Rule 60. The use of the United Nations emblem and uniform is prohibited, except as authorized by the organization.
State practice establishes this rule as a norm of customary international law applicable in both international and non-international armed conflicts.
The prohibition of unauthorized use of the United Nations emblem and uniform is included in Additional Protocol I.[1] Under the Statute of the International Criminal Court, making improper, i.e., unauthorized, use of the flag or the military insignia or uniforms of the United Nations constitutes a war crime in international armed conflicts when it results in death or serious personal injury.[2]
The prohibition of the unauthorized use of the United Nations emblem and uniform is recognized in many military manuals.[3] Violation of this rule is an offence under the legislation of numerous States.[4] This practice includes that of States not, or not at the time, party to Additional Protocol I.[5]
This rule was included in the draft of Additional Protocol II by Committee III of the Diplomatic Conference leading to the adoption of the Additional Protocols but was deleted at the last moment as part of a package aimed at the adoption of a simplified text.[6] It is contained in other instruments pertaining also to non-international armed conflicts.[7]
The prohibition of the unauthorized use of the United Nations emblem and uniform is set forth in military manuals which are applicable in or have been applied in non-international armed conflicts.[8] Violation of this rule is an offence in any armed conflict under the legislation of numerous States.[9]
No official contrary practice was found with respect to either international or non-international armed conflicts. Alleged violations of this rule have generally been condemned, in particular in the context of the conflict in Bosnia and Herzegovina.[10] No party to a conflict has denied the applicability of this rule or claimed that it would be lawful to use United Nations emblems and uniforms without being so authorized.
[1] Additional Protocol I, Article 38(2) (adopted by consensus) (cited in Vol. II, Ch. 18, § 465).
[2] ICC Statute, Article 8(2)(b)(vii) (ibid., § 468).
[3] See, e.g., the military manuals of Argentina (ibid., § 473), Australia (ibid., §§ 474–475), Belgium (ibid., § 476), Burkina Faso (ibid., § 477), Cameroon (ibid., §§ 478–479), Canada (ibid., § 480), Colombia (ibid., § 481), Congo (ibid., § 482), Ecuador (ibid., § 483), France (ibid., §§ 484–485), Germany (ibid., § 486), Italy (ibid., § 487), Mali (ibid., § 488), Morocco (ibid., § 489), Netherlands (ibid., § 490), New Zealand (ibid., § 491), Russian Federation (ibid., § 492), Senegal (ibid., § 493), Spain (ibid., § 494), Sweden (ibid., § 495), United States (ibid., §§ 496–497) and Yugoslavia (ibid., § 498).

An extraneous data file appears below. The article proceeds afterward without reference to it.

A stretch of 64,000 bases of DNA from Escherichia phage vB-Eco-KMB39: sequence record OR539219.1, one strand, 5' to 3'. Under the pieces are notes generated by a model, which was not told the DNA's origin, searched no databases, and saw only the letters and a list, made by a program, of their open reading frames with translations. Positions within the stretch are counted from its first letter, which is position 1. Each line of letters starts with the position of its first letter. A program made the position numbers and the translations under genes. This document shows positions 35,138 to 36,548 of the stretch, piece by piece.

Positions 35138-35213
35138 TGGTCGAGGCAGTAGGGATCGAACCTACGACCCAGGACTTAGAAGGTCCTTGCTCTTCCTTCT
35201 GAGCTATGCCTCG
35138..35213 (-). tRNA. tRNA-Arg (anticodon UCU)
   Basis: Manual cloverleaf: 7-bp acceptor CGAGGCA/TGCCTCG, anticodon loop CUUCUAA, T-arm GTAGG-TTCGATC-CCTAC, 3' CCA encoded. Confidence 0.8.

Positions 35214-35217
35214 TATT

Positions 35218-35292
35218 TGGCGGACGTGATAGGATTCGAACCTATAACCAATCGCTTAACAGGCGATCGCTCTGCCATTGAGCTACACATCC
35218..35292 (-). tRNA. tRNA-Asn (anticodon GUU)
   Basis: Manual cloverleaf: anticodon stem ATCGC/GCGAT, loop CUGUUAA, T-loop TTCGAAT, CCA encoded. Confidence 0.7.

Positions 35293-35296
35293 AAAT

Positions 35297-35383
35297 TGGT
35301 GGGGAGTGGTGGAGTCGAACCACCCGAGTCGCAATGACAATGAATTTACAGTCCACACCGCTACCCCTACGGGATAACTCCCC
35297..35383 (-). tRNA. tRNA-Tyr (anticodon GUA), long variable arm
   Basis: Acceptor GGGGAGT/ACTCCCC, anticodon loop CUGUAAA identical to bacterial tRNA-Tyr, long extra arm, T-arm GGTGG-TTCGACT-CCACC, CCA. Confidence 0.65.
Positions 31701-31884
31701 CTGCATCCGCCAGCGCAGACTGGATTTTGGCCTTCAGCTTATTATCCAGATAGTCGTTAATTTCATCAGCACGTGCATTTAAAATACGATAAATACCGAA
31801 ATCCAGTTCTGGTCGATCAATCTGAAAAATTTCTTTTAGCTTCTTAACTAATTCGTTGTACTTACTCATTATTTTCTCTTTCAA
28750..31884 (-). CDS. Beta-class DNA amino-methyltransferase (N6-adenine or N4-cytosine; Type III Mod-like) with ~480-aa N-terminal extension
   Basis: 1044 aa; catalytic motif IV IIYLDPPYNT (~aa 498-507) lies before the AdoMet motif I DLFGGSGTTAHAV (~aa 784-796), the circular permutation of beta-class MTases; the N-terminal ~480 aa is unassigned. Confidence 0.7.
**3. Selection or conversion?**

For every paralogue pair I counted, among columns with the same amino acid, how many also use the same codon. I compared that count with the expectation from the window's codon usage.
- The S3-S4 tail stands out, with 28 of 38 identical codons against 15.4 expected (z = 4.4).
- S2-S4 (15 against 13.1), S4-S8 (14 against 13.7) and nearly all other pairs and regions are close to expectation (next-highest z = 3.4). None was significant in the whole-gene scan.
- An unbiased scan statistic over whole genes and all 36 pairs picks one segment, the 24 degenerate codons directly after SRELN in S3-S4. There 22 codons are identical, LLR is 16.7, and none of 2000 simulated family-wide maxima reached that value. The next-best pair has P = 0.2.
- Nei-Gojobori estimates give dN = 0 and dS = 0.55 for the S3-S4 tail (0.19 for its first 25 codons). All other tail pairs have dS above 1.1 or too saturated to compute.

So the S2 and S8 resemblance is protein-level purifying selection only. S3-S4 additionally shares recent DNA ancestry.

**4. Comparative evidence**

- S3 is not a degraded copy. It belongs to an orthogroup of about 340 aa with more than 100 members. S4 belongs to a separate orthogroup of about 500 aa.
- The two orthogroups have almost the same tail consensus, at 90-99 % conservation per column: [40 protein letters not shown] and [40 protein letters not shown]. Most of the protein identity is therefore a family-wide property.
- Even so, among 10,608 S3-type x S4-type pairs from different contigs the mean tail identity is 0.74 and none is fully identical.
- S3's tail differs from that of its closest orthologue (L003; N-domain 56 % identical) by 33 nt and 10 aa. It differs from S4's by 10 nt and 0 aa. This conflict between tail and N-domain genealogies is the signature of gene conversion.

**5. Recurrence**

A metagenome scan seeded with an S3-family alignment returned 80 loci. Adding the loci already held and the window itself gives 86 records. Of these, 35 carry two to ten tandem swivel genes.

[4] See, e.g., the legislation of Algeria (ibid., § 499), Armenia (ibid., § 501), Australia (ibid., §§ 502–503), Azerbaijan (ibid., § 504), Belarus (ibid., § 505), Bosnia and Herzegovina (ibid., § 506), Burkina Faso (ibid., § 507), Canada (ibid., § 509), Democratic Republic of the Congo (ibid., § 510), Congo (ibid., § 511), Côte d’Ivoire (ibid., § 512), Croatia (ibid., § 513), Czech Republic (ibid., § 514), Denmark (ibid., § 515), France (ibid., § 516), Georgia (ibid., § 517), Germany (ibid., § 518), Guinea (ibid., § 519), Ireland (ibid., § 520), Italy (ibid., § 521), Lithuania (ibid., § 522), Mali (ibid., §§ 523–524), Netherlands (ibid., § 525), New Zealand (ibid., § 526), Norway (ibid., §§ 527–528), Poland (ibid., § 529), Slovakia (ibid., § 530), Slovenia (ibid., § 531), Spain (ibid., § 532), Sweden (ibid., § 533), Switzerland (ibid., § 534), United Kingdom (ibid., § 536) and Yugoslavia (ibid., § 537); see also the draft legislation of Argentina (ibid., § 500), Burundi (ibid., § 508) and Trinidad and Tobago (ibid., § 535).
[5] See the military manuals of Mali (ibid., § 488) and United States (ibid., § 497), the legislation of Azerbaijan (ibid., § 504), the statement of the United States (ibid., § 541), the practice of United Kingdom (ibid., § 540), and the reported practice of Indonesia (ibid., § 539)
[6] Draft Additional Protocol II, Article 23(2) (ibid., § 466).
[7] See, e.g., Memorandum of Understanding on the Application of IHL between Croatia and the Socialist Federal Republic of Yugoslavia, § 6 (ibid., § 470); Agreement on the Application of IHL between the Parties to the Conflict in Bosnia and Herzegovina, § 2.5 (ibid., § 471).
[8] See, e.g., the military manuals of Australia (ibid., § 474), Colombia (ibid., § 481), Ecuador (ibid., § 483), Germany (ibid., § 486), Italy (ibid., § 487) and Yugoslavia (ibid., § 498).
[9] See, e.g., the legislation of Armenia (ibid., § 501), Azerbaijan (ibid., § 504), Belarus (ibid., § 505), Bosnia and Herzegovina (ibid., § 506), Democratic Republic of the Congo (ibid., § 510), Croatia (ibid., § 513), Germany (ibid., § 518), Guinea (ibid., § 519), Poland (ibid., § 529), Slovenia (ibid., § 531), Spain (ibid., § 532), Sweden (ibid., § 533) and Yugoslavia (ibid., § 537); see also the legislation of Burkina Faso (ibid., § 507), Czech Republic (ibid., § 514), Italy (ibid., § 521) and Slovakia (ibid., § 530), the application of which is not excluded in time of non-international armed conflict, and the draft legislation of Argentina (ibid., § 500).
[10] See, e.g., UN Secretary-General, Report submitted pursuant to Security Council Resolution 1010 (1995) (ibid., § 543).